You shall have no other god except Me.
You shall not make or worship idols.
You shall not make wrong use of the name of the Lord your God. Keep the Sabbath day Holy.
Honor your father and your mother.
You shall not commit murder.
You shall not commit adultery.
You shall not steal.
You shall not give false evidence against your neighbor.
You shall not covet anything that does not belong to you.
Slide 2 - Other Jewish Holy Texts
Hebrew Bible – three sections of the Bible are used by the Jews which are the sections Christians consider as the “Old Testament”: Torah (5 Books of Moses) + Nevi’im (Prophets) + Ketuvim (Writings). Judaism recognizes the Christian “New Testament” as a historical and not religious text, the term “Old Testament” is not used. Mishnah (MISH-nuh) (Hebrew for "instruction"), c. 200 C.E. is the written form of the Oral Torah created at the end of the second century. Jewish tradition holds that when G-d gave Moses the Torah (the Written Law) on Mt. Sinai, he simultaneously provided him all the details of the Oral Law. The Oral Law explained how the commandments in the Torah were to be carried out. It is believed that Moses subsequently transmitted that Oral Law to his successor, Joshua, who transmitted it to his successor, in a chain that is still being carried on. Gemara (g.-MAR-.) (also Gemora) (Aramaic for “to study"), c. 200-600 CE – The part of the Talmud that contains rabbinical commentaries and analysis of its predecessor, the Mishnah. ..Talmud (TAHL-mud)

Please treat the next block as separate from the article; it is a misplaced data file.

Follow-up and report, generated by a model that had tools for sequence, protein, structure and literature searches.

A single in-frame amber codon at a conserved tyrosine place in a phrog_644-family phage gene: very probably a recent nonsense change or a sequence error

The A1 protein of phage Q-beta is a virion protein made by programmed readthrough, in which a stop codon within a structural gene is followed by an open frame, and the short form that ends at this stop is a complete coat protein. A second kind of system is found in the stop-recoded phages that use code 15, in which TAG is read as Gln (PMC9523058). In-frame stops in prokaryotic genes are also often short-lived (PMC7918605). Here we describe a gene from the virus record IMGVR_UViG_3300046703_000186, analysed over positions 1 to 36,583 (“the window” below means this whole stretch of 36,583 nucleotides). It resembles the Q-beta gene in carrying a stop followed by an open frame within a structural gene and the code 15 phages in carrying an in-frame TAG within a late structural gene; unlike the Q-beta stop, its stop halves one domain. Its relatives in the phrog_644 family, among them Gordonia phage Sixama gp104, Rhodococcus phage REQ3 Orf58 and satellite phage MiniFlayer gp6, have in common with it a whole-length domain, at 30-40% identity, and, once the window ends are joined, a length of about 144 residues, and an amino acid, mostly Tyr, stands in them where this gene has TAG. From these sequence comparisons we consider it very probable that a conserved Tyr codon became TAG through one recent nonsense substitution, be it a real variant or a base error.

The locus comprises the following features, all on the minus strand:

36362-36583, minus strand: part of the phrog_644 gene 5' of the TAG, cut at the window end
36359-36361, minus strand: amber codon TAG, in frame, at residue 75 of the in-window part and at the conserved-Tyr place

The Talmud has two components: the Mishnah (c. 200 C.E.), the first written compilation of Judaism’s Oral Law, and the Gemara (c. 500 C.E.). It is a record of rabbinic discussions pertaining to Jewish law, ethics, customs, and history. In Jewish life the terms Gemara and Talmud are often used interchangeably. ..Midrash (MID-räsh)
The word Midrash is based on a Hebrew word meaning “interpretation.” Midrash consists of legends and stories, both educational and entertaining, which complement rabbinic theology and allows the rabbis to explain and expand on the Torah. ..Prayer Book (Siddur, sid-OOR)
Most siddurim (plural) contain the prayers, arranged in a specific order, that are used for religious services. These prayers express the beliefs, hopes and yearnings of the Jewish people for a world ruled by justice and compassion....